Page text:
Nigeria: The Discreet Foreign Mercenaries


October 18,2008:  The oil stealing gangs in the Niger Delta have not been able to build  wide support, mainly because the gangs are criminals and often act that way towards locals. Increased police and military activity, and the plunging price of oil has sharply cut the income of the gangs. This has led many of the gang members to supplement their income by stealing other stuff, usually from the easiest targets. That means the banks and big companies, with all their security guards, are avoided in favor of stealing from the less well off. This is bad for the public image of the oil gangs. But there is no high command of the gangs, no way to control the thousands of young gunmen looking to replace lost oil income. For example, gangs are running a protection racket on the larger fishing boats, forcing them to pay a fee for the right to fish in an area without being attacked. The navy has been unable to provide enough patrol boats to protect all the fishing boats (who then continue to pay the extortion fees.)

Over the last year, the oil industry has bought dozens of patrol boats, and paid the military to supply weapons and crews. The companies decide where the boats will operate, which is basically around the company facilities. Although the government has a program to build new patrol boats locally, this is not expected to produce additional boats any time soon. The companies cannot wait, and went to Western boat brokers to buy second-hand military boats. The Nigerians are particularly hostile to foreign military contractors, so there are few of those, and used mainly to supervise the Nigerian officers and troops who are hired (while still receiving their military pay) to guard specific oil production facilities.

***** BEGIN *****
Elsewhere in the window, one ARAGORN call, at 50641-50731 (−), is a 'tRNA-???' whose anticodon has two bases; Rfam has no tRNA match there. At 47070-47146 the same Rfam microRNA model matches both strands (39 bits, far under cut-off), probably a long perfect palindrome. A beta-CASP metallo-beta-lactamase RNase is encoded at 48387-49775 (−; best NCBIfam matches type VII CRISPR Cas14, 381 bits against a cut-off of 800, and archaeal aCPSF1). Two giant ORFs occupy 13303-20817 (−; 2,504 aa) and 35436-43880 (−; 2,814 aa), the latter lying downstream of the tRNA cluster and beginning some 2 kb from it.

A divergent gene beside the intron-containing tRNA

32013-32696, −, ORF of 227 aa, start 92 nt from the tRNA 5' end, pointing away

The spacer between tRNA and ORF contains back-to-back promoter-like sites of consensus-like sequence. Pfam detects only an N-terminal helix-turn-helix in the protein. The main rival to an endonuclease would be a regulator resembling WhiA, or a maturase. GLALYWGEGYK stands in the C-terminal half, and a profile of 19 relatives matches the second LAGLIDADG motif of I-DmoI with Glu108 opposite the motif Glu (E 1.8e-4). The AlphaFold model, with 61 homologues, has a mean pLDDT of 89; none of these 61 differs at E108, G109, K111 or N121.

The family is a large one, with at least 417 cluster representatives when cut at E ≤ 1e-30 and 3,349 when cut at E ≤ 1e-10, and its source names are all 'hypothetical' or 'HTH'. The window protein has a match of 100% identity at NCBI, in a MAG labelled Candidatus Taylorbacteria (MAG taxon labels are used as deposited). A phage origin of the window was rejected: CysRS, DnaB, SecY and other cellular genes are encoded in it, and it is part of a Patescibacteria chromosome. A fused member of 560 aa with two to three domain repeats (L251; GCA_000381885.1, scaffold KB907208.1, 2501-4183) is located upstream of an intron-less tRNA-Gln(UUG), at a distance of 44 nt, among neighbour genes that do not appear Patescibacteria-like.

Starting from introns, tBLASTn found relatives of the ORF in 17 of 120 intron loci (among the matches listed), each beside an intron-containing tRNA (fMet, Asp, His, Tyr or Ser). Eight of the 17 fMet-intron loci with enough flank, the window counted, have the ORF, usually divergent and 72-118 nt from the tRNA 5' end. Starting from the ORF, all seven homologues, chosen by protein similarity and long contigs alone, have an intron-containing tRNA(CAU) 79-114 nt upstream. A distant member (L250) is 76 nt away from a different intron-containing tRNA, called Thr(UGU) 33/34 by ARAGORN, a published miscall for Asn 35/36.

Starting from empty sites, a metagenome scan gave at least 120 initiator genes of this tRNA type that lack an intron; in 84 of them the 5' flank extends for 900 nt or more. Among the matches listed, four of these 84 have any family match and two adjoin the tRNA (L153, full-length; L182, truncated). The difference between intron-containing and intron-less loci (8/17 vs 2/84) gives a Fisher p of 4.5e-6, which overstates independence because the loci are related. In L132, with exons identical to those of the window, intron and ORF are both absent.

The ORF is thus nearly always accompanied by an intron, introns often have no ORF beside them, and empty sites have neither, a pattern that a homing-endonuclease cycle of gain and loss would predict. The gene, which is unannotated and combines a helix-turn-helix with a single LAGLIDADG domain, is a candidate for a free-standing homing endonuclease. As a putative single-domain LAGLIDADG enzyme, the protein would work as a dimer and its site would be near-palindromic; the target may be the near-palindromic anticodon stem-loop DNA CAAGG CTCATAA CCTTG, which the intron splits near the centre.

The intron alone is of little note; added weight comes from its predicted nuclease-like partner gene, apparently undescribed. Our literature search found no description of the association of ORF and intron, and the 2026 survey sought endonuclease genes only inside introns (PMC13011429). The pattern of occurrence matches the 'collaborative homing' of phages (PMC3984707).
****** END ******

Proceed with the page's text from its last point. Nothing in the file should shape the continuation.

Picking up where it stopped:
Meanwhile, the government officials are as corrupt as ever, despite the many senior officials who are being prosecuted. The problem is that few, if any, of these officials will go to jail. They will spend their stolen money on bribes and lawyers, and get off. The lower level officials, who do a lot of the stealing (you need to bribe most civil servants to get anything done), are still very much in business.

Oil exports for this month are averaging about 1.89 million barrels a day. If there are no major new attacks on the oil industry, production next month should go to 1.95 million barrels a day. It will be a year or more before production gets back to the potential max of 2.5 million barrels a day.

Cameroon is increasing its defenses along the 1,700 frontier with Nigeria. This is in response to a September 28 attack by Nigerian criminals. Storming ashore from speedboats, heavily armed Nigerian gangsters robbed four banks (using explosives to get at the cash), killed one person and roared off. Cameroon will install radar along the coast near Nigeria and increase naval patrols. There will also be cooperation and coordination with the Nigerian military and police, to fight the seaborne gangsters. The new violence comes in the wake of Cameroonian troops moving in to the Bakassi peninsula. This is the final part of a two year process of turning Bakassi over to Cameroon. This oil rich area used to be Nigerian, but an international court awarded it to Cameroon. Nigeria began handing it over two years ago, but some Nigerian groups have continued to fight for a return to Nigerian rule. The Nigerian gangs are taking advantage of the less well armed and numerous Cameroon security forces.

October 15, 2008: In the Niger Delta, six speedboats full of pirates attacked a navy gunboat, with the object of capturing it and stealing its machine-guns and other weapons. The dusk attack failed, as the patrol boat crew sank two of the speedboats and forced the others to flee. One soldier was killed and two wounded.


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